Edward Mujica is just one of many struggling Marlins relievers in the month of June. Mandatory Credit: Steve Mitchell-US PRESSWIRE
Last night, everything seemed to be going decently for the Miami Marlins. As the Miami Heat cruised along to their eventual championship, the Marlins were busy in Boston, slugging out a close game. The Fish held a 3-0 lead early in the game thanks to a three-run first inning. When that lead dissipated in the middle innings, the Fish once again climbed ahead, thanks in part to a laser shot by Giancarlo Stanton.
But as has been customary of the team during this terrible month of June, one part of the game always goes wrong. Yesterday night, it was the bullpen that failed the Marlins. Edward Mujica allows the game-tying home run to Will Middlebrooks in the eighth inning, followed by a succession of singles that allows the leading run to come in to score.
Amid the clamor about the lack of offense for the Marlins, the bullpen and its struggles have been obscured. The truth is that the Marlins have really suffered on that end this month as well.
|Marlins Bullpen, 2012||K%||BB%||HR/FB%||GB%||ERA||FIP|
The Marlins bullpen has been horrific this month, but it has been hidden because it has been bad in games in which the Marlins were already performing poorly. But the Fish pen did allow a number of games to go from close to out of hand, and their poor performance should be noted.Too Many Homers
You knew that the Marlins were not going to continue to hold opponents back on home runs. But this month's home run total has just been ridiculous, and there is no reasoning behind it. In 60 innings, the Marlins bullpen has allowed 10 home runs, only two fewer than the league-leading Houston Astros pen. That is one homer every five innings pitched, including last night's soul-crusher that tied the game. The homers have been spread out pretty evenly among the team's relievers. Chad Gaudin leads with three homers allowed, while Steve Cishek, Chris Hatcher, and Edward Mujica have each allowed two. It should be noted that Hatcher's two came in one inning, and he was immediately demoted that evening.
Too Much Gaudin
The consequence of the Marlins being behind so much forced the team into using their lesser relievers rather than their good ones. Consider that the team's most effective reliever in the month was Heath Bell (I know, the irony, right?), and he only pitched 5 1/3 innings due to a lack of closing situations. The Marlins have only been able to provide Bell four save opportunities this month, though he did convert all of them in strikingly solid fashion.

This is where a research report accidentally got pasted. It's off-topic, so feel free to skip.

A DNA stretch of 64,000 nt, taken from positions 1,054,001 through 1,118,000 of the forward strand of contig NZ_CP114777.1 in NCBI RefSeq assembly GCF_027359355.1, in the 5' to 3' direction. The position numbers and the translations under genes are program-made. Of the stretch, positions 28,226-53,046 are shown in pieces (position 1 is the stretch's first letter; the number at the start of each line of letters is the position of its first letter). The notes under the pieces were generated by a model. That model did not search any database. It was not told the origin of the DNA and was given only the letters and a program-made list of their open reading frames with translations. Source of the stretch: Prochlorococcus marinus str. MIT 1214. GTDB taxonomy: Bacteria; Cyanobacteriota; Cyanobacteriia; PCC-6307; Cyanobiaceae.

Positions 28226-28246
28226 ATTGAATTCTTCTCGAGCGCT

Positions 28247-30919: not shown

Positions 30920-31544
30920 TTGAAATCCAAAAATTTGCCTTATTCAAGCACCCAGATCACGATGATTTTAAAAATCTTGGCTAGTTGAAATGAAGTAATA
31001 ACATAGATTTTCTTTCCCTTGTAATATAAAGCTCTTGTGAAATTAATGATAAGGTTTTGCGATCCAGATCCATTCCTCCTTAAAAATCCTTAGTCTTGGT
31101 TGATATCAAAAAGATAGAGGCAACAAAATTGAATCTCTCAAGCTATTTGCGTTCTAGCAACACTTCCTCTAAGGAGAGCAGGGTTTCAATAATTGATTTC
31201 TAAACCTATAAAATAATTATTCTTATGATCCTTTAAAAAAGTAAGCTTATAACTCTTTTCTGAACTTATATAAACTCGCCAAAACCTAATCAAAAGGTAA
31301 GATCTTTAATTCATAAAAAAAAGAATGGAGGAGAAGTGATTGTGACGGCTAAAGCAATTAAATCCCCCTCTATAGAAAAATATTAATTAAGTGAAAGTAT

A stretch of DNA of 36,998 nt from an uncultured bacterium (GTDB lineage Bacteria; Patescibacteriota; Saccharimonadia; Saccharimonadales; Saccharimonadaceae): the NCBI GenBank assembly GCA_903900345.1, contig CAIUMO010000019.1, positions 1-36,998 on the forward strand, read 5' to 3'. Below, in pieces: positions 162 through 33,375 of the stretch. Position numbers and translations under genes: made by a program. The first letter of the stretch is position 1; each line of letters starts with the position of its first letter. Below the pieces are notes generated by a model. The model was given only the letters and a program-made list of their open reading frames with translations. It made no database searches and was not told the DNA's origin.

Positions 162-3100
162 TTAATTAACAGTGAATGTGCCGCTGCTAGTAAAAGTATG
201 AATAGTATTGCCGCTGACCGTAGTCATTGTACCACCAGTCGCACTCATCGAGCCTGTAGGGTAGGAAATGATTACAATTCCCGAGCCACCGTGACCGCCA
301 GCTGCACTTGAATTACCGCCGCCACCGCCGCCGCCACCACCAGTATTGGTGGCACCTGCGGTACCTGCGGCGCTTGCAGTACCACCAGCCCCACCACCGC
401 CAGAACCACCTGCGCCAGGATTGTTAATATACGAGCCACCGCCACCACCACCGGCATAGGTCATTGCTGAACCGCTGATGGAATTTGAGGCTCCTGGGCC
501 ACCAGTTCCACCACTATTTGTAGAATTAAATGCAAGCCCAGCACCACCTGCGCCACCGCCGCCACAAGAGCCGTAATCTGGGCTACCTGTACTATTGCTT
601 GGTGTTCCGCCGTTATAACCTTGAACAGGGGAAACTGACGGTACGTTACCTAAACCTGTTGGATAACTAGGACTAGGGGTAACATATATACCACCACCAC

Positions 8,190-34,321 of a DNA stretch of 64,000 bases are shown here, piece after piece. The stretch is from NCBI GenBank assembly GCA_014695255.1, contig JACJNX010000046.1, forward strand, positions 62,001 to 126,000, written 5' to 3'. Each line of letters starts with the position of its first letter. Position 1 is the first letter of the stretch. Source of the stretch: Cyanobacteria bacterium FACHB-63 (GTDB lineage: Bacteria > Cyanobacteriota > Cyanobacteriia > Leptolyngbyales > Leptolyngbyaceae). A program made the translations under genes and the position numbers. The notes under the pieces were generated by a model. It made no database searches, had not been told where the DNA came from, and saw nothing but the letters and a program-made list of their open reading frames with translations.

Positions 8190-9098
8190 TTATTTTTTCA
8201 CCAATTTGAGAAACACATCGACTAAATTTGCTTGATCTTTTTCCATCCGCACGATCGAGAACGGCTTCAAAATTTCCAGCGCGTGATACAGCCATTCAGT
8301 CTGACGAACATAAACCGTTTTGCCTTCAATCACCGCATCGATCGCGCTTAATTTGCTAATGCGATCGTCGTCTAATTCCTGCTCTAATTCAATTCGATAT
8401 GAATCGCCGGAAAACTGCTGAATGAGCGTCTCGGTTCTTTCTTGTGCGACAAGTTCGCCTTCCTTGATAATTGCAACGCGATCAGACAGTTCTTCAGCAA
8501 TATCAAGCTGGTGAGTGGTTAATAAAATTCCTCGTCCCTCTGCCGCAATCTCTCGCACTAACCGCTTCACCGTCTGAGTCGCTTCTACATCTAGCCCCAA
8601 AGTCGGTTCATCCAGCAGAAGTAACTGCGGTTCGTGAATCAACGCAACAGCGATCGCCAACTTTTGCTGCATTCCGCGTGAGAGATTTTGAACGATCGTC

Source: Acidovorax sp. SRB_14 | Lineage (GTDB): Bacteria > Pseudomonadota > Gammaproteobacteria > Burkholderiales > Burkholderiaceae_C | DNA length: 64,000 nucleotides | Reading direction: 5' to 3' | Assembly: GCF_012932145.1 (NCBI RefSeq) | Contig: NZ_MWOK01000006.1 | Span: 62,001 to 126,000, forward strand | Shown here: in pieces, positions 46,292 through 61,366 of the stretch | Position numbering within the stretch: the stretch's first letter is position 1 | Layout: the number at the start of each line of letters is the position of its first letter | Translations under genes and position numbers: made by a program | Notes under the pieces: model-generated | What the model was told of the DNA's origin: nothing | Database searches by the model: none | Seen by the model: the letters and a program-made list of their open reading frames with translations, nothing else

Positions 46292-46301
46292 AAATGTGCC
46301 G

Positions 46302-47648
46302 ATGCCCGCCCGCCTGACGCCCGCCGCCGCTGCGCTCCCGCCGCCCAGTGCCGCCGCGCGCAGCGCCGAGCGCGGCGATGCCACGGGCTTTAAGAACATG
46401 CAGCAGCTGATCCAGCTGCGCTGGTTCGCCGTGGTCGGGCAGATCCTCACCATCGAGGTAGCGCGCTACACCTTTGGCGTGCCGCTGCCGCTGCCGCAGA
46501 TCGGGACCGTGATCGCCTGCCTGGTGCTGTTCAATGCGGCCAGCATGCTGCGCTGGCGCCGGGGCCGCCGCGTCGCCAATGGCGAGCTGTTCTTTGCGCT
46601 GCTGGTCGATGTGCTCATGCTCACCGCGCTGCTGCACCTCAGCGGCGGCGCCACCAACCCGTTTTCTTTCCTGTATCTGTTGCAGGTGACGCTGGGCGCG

Chad Gaudin, the team's mop-up man and long reliever, has thrown 16 1/3 innings (!) by comparison, and that is because the Fish got behind a number of runs early in the game. When starters like Carlos Zambrano (4.25 innings per start) can only last a few innings at a time, you force your team to throw out lower-leverage relievers to pitch mop-up games. There is a reason why guys like Gaudin and minor leaguers Sandy Rosario (18.00 ERA in three innings) and Chris Hatcher (13.50 ERA in 2 2/3 innings) are at that end of the pen rather than the front end, and that is because they are not as effective and, if given enough innings, they will cost the team a good number of runs.
Room for Improvement
The Marlins were better last season in the bullpen, and they only improved theoretically by picking up Heath Bell. The team's 4.55 ERA currently has an underlying 3.65 FIP, so it is not the end of the world but rather a series of unfortunate setbacks. At the beginning of the year, the struggles were purely at the expense of Bell, who could not find the zone and blew a number of games. Now, the team is allowing an inordinate amount of home runs that is not likely to stick either. Other ERA predictors like SIERA (3.67) say good things about the skill so far seen in the Marlins' pen.
But it is not just the numbers so much as the talent. We expect a number of these guys such as Mujica to improve just based on regression. Ryan Webb, Steve Cishek, and Randy Choate all have good stuff and play their roles well. Bell has once again found his strength and has been throwing well in his last few outings. Regression should bring this team's pen back to respectability. It seems like this month is just another slump in a large group of them throughout the team.
Then again, this is the reason why teams do not pay for relievers and bullpens. The best bullpen in the National League has been the Cincinnati Reds' pen, and they only invested heavily in two players, Aroldis Chapman (who was slated to be a starter) and Sean Marshall The remaining guys who are succeeding this season were scrap-heap pickups and players that had wandered around and found success in Cincinnati. Expecting your bullpen to perform well year after year and be consistently worth the investment involves finding the absolutely right guys, and very few teams are able to do that. The Marlins poured in money for Heath Bell and Juan Oviedo, and they spent resources to get Mujica and Ryan Webb. Only Cishek is a homegrown product of this year's pen. Rather than promoting from within and filling in slots, the club has depended on acquiring from outside, and while this year's bullpen should get better, it serves as a warning to the fickle nature of investing in a bullpen.